For me, all this “Chicano” business started in the 1970s during the early years of the Chicano political civil rights movement to which I was drawn in San Antonio, Texas.  Besides civil rights, a big part of this deal was self-determination regarding our own cultural identity.  We started to shift away from being “Mexican” or “Mexican-American”, to being, well, what?….the term “Chicano” already existed but was merely a down-home barrio expression for a Mexican-American denizen of the barrio.  More and more, we started referring to ourselves as “Chicanos”, perhaps because it was less acceptable, edgier, and therefore more rebellious than Mexican-American ever could be. 

Thus “Chicano” became synonymous with the Chicano political movement and being politically with-it Mexican-Americans in politically-charged times.  I have a vague recollection of a prominent San Antonio politician being quoted in one of the local papers as derisively saying the word “Chicano” originated from “chiquero”, the Mexican word for pigsty.  That remark was a reaction to the heat generated by political pressure.  Remember, the Chicano political movement was mostly propelled by young activists impatient with the pace of political advancement; the mood was “If not now, when?”….cynical, mordant humor circulating among us had Jesus Christ, dying on the cross, telling Mexican-Americans “Don’t do anything until I return”…. obviously it was a generational thing:  it came as a jolt to mainstream Mexican-American politicians because the Chicano movement was pushier and more radical.  In the end, though, most politicians reconciled with the new political reality and became a positive part of it, certainly so, here in Texas.  It was the unrepentant vendidos that faded away, though some still vex us, ensconced in the wrong political party.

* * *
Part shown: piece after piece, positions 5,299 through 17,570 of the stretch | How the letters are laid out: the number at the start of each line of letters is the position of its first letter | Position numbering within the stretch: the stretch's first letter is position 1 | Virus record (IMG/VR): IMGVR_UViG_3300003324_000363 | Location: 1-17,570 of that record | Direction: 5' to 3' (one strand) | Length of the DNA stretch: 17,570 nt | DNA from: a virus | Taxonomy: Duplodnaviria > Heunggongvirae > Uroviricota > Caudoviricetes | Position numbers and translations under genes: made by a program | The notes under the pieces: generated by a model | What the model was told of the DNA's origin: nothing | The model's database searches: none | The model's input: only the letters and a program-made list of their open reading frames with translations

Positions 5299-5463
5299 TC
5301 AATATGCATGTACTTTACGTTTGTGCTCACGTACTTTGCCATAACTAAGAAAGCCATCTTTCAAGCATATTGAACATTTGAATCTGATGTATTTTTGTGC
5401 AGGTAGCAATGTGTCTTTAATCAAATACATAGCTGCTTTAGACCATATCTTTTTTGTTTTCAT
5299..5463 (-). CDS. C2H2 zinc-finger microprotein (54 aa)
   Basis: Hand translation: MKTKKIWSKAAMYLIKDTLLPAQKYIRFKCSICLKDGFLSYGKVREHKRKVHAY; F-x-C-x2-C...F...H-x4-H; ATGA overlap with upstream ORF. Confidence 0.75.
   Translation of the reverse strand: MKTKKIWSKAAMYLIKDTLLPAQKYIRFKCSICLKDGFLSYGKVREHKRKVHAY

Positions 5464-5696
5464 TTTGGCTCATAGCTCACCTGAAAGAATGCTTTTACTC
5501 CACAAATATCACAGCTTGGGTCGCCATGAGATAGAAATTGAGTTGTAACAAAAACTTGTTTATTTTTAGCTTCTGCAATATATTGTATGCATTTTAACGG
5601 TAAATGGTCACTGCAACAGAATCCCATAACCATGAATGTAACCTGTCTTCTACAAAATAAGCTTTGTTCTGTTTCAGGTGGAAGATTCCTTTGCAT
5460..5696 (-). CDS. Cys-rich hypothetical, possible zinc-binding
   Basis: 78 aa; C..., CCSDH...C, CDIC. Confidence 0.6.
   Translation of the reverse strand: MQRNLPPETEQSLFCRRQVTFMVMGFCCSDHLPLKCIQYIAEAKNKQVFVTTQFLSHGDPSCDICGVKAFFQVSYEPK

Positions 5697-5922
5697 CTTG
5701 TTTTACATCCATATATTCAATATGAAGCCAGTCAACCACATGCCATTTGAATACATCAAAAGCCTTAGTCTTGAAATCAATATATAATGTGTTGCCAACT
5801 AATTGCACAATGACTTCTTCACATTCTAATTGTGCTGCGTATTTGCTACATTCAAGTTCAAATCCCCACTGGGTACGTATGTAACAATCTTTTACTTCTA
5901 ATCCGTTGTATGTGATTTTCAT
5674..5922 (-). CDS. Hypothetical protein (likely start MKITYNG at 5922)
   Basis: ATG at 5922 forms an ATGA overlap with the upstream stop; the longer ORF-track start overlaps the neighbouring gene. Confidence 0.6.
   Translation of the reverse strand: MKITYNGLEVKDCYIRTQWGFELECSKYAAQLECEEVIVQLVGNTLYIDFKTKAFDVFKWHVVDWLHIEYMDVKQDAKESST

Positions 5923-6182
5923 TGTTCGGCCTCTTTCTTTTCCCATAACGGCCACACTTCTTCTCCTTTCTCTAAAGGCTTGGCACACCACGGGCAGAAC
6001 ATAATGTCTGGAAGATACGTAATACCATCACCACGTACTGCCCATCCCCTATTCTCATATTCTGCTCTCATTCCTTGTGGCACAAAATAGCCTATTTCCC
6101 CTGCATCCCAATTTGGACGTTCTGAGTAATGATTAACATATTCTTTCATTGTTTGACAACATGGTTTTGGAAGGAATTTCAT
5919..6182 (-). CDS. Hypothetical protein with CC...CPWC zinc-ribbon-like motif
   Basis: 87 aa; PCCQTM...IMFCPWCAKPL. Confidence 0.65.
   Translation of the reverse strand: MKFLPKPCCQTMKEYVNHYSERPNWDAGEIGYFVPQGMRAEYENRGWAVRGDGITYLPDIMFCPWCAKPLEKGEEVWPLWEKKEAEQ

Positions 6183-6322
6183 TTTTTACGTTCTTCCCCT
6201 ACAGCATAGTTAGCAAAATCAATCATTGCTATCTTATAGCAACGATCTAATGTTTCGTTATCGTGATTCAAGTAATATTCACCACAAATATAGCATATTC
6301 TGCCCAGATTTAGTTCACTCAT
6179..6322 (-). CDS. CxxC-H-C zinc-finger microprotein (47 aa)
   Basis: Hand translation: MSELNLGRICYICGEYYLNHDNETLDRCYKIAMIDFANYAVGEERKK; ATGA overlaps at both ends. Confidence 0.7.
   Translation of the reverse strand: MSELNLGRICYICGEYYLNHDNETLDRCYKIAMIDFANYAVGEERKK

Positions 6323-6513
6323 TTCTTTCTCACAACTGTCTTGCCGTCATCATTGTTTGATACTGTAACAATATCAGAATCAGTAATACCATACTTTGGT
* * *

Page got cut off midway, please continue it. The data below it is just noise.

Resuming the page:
Today, the term “Chicano” has lost a bit of the old political edge and its usage is fairly accepted as a specific alternative to Mexican-American, rather than the more remote designations of “Latino” or “Latinx”, neither of which I personally relate to at all.  My primary problem is with the “Latino” catch-all designation itself….Spanish is of course a Latin language, as is French and Italian, but we don’t call those nationalities “Latinos”.  I’ve tried tracing the origin of the term “Latino”, as it applies to us, but have come up empty though I’ve long suspected that it originated in Argentina, a very  Eurocentric South American nation composed of, besides the displaced native populations, numerous and extensive European diasporas.  Nothing wrong with being Eurocentric;  it simply doesn’t speak for me.